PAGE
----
2. Long-term Dividend Yield – The dividend yield can be considered one of the most under-rated components of an investment return. The dividend yield is calculated as the average dividend per share divided by the price. Therefore, a rising dividend yield implies that either a) companies are increasing dividends or b) that the price has fallen. The same applies in reverse. Given the negative correlation between dividend yields and the future price of the market, an opportunity exists to use dividends as a proxy for the long-term price of the market. While methods differ, our methodology takes the ‘regression average’ of the dividend yield over the past 15 years and compares this to the current dividend yield. Including a margin of safety, a buy indicator is apparent if the current dividend yield is 5% or more above the long-term average.

Metric 2

3. Market Capitalisation to GDP Ratio – Warren Buffett may be the world’s most famous investor and in recent decades he has unveiled his favourite metric to gauge the overall share-market. Buffett’s logic is that the size of all the listed companies in a given country should roughly track the overall size of the economy itself. The rationale is that business revenues are a subset of the economy and hence should match over the long-term. Therefore, the metric takes the market capitalisation of all companies and compares this to the GDP. Over the long-term, it has proven high-risk to invest when the market cap to GDP ratio exceeds 100% and low-risk to invest when it is low. We apply a margin of safety, so our methodology looks for times when the market cap is less than 90% of GDP for a buying signal.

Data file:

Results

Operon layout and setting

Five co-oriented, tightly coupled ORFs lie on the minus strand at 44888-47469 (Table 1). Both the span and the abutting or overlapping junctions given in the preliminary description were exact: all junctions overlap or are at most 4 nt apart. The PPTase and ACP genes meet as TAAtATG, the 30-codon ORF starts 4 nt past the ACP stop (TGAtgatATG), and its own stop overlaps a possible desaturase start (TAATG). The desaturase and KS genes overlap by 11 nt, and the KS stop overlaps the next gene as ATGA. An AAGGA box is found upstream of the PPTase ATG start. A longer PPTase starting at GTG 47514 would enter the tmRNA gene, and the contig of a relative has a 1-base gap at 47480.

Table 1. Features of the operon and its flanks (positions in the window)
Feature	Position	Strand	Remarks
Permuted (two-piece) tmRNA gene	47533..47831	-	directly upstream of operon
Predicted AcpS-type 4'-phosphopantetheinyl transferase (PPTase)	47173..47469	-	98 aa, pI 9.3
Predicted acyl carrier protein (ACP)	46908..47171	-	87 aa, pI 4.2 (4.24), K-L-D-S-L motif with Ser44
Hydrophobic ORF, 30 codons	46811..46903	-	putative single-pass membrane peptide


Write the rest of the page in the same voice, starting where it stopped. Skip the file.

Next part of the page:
Metric 3

4. The Zone System – Originally created by the founder of the Investing Times and the Australian Investors Association, Austin Donnelly, and then slightly modified thereafter, the Zone System is a long-term gauge of fair prices. The logic behind this system is that the market should average a very similar performance number over the very long-term, but this tends to fluctuate due to the economic cycle and sentiment surrounding fear and greed. Therefore, the Zone System allows an objective view by factoring in approximately two business cycles of historical analysis. Our application of the Zone System is to be willing long-term investors if the market is equal to or below its long-term average (i.e. Zones 3, 4 or 5). In reality, the further below the long-term moving average (i.e. Zone 5), the better the prospects for forward returns.

Metric 4

5. The Dividend Yield vs Bond Yield – The Yield Gap applies logic that investors are always making a decision between stocks and bonds (or growth assets and defensive assets). Therefore, it is common-sense to analyse the pricing of these together. There are various versions on the most appropriate application of this logic, but our methodology uses the market dividend yield compared to the Treasury bond yield over the long-term. By comparing the grossed up dividend yield of the overall market to the 10-year bond yield, we can clearly see which way investors might move their funds. For example, if bond yields are very high relative to stocks, a rational investor will move his/her money from stocks to bonds and vice versa. Our methodology uses the long-term moving average of these numbers and the grossed up dividend yield of at least 20% higher is desirable.